Not Knowing What to Do

The unknown is not a favorite choice, generally. We like to be prepared, have an advantage, use what we know. So, we pull from the past to anticipate the future. It is a proven formula, conditional and safe.

My best moments are when I step outside my comfort zone and tell the present, “Let’s see what this is all about.” In other words, what else might this mean. I’m freeing myself of conditions and calling upon my courage and creativity to see me through the situation.

The older I am, the more I choose the unknown, putting my head under my heart. Looking back upon my life, that has always been the better choice, which is not to say I made it often.st-marks-sunset-0216

Initially, every moment we have is free. We choose either the known— what we have always been— or what we have never been, the unknown. It is that basic, either the conditional or the curious response.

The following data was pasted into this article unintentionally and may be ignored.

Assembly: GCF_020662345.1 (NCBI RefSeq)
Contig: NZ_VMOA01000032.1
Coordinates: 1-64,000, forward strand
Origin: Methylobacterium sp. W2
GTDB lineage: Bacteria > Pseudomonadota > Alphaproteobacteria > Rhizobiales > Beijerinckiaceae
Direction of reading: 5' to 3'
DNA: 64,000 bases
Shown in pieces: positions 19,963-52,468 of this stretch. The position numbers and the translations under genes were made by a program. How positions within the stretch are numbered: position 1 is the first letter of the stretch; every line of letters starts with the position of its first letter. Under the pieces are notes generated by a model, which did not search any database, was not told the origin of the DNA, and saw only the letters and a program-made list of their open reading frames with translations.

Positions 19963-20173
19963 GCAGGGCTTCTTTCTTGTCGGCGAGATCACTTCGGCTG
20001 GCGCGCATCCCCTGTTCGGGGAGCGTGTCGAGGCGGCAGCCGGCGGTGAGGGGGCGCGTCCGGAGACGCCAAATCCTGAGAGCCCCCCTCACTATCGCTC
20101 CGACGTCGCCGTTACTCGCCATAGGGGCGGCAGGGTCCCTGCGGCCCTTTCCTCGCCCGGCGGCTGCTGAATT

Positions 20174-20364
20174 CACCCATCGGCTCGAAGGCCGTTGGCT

The conditional response is the one made with my head, safe and reasoned–odds in my favor. The curious response opens my heart to questions rather than answers–odds unknown.

The heart and head are not mutually exclusive but the ego chatters nonstop—or at least mine does–about what I know and what I think I know. As there is no satisfying the ego, I put my head under my heart.

Equanimity knows no enemies, not even the ego.

It is such a small step from the known to the unknown but what a leap of faith it is. I know I am more compassionate when I lead with my heart. Mindset confines me to conditions. Creativity and courage reside in the freedom of the unknown as does risk, the heartbeat of hope.

It may be that when we no longer know what to do

we have come to our real work and that when we no longer know

which way to go we have begun our real journey.

Wendell Berry, Standing by Words

Aim for Even posts offer equanimity in daily doses. No day or dose is ever the same, even if the aim is. You may read about the origins of Aim for Even here or on this site’s About page. 

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